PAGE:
Ebay historical data. RE: A Great Find & A Defense of E-Bay

From: Chuck McManis <cmcmanis_at_mcmanis.com>
Date: Fri Jun 16 15:35:17 2000

> > Why doesn't eBay realize the great value they have in the historical
> > database of sale prices, pictures and descriptions. They're throwing
> > away the content that has been created for them for free. They should
> > archive the picture.

Two points, one Ebay _does_ realize the value of their historical data. Try
spidering their completed listings a couple of times and their lawyers will
come talk to you.

The pictures aren't on ebay, they are on the seller's site or honesty.com
or wherever they hosted them.

>Ebay does not want keep all of the auctions as a publicly accessable
>database, simply because it is not their job. After a few months, they
>can "wash their hands" of the deal, and with it, any disputes that may
>come up afterwards (problems in the car auctions leap to mind). They don't
>want the legal hassles, basically.

I don't believe this is true. I believe Ebay doesn't want to keep its
auctions accessible because it wants to sell that information for money to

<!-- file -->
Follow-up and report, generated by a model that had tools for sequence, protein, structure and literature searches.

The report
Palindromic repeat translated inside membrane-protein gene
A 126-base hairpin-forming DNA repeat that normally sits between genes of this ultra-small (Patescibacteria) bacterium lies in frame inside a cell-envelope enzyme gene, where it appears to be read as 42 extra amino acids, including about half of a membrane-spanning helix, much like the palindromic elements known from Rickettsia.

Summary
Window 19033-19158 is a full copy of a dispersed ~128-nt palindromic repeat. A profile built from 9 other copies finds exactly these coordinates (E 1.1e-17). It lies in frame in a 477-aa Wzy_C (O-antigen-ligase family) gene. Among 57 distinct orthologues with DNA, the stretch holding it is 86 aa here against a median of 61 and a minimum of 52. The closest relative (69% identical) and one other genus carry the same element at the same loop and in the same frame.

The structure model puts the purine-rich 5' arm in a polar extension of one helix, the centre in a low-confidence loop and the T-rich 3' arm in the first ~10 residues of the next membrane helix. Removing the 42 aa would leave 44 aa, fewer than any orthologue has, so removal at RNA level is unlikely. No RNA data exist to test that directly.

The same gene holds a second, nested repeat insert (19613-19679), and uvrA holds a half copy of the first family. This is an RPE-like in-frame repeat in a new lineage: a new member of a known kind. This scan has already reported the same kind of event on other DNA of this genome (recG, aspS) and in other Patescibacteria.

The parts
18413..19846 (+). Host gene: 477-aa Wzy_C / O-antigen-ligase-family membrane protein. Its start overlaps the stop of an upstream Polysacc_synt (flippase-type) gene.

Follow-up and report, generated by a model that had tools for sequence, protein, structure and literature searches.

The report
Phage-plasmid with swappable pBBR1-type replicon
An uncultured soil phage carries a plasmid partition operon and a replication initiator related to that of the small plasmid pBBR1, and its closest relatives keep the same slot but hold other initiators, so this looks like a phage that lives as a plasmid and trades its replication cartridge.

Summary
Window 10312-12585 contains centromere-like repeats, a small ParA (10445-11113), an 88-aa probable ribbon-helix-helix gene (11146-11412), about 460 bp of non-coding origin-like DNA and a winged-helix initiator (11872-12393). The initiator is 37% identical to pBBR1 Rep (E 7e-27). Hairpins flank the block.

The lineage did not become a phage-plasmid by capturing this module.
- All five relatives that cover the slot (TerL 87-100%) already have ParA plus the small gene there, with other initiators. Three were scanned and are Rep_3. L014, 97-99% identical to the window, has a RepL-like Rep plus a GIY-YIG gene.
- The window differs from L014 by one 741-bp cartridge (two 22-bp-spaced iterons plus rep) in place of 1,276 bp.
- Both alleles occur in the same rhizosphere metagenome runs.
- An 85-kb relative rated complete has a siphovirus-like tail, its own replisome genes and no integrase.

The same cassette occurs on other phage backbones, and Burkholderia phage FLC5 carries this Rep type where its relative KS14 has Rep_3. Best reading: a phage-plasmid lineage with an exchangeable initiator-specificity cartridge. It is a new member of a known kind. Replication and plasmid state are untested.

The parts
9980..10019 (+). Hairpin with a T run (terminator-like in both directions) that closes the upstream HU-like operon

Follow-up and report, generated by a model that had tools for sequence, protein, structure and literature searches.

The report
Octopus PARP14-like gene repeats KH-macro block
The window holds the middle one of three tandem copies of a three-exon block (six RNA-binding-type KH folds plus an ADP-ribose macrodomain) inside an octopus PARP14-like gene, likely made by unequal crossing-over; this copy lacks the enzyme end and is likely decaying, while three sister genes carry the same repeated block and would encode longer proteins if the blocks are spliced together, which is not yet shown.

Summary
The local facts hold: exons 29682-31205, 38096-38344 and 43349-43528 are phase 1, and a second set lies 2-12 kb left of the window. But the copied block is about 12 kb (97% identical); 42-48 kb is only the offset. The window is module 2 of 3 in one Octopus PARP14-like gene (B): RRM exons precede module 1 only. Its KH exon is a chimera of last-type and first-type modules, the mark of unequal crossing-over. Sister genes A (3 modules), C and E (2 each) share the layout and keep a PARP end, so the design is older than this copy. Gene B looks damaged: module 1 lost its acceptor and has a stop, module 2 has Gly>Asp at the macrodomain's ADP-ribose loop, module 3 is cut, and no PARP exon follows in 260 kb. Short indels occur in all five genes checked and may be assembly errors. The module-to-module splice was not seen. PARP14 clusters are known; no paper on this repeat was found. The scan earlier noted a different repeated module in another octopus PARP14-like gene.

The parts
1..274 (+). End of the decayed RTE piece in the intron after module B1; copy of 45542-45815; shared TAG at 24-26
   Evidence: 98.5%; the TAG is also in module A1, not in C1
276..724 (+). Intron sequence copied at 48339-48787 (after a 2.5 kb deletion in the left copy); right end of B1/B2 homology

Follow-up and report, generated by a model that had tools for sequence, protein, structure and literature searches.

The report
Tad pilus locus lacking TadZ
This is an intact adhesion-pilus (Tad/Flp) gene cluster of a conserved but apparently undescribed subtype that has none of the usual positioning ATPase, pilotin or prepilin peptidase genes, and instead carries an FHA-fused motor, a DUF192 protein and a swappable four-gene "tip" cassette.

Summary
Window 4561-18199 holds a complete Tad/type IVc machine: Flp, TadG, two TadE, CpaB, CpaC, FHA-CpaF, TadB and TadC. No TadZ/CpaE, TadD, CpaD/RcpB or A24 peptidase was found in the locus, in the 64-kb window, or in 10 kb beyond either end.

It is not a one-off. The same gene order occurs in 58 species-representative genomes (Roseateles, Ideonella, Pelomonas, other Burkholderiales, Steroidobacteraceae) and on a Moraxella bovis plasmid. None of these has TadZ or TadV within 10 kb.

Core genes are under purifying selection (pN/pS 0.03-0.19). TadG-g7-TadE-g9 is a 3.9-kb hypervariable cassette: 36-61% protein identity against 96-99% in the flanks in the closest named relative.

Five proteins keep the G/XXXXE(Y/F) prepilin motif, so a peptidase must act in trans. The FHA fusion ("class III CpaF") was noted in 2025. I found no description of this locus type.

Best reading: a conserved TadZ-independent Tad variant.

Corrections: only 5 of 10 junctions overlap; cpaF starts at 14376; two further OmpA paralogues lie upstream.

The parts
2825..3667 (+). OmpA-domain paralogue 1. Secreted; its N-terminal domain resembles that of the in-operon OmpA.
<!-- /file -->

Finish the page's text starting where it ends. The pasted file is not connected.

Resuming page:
people like appraisers for big BUCK$. I've been creating an automated
process in my spare time to harvest the information I'm interested in
(average selling price of classic computer systems) but not enough time etc.

What they _should_ do, and don't, is keep the title from the auction for
which a feedback link is posted so that you can tell if this deadbeat
bidder failed to buy a Monet or a speculum, that might help you decide if
you're willing to let them bid on your stuff.


P.S. Side note, the price of Classic Computers on Ebay is dropping. When I
have enough data I should be able to show it quite clearly.
Received on Fri Jun 16 2000 - 15:35:17 BST

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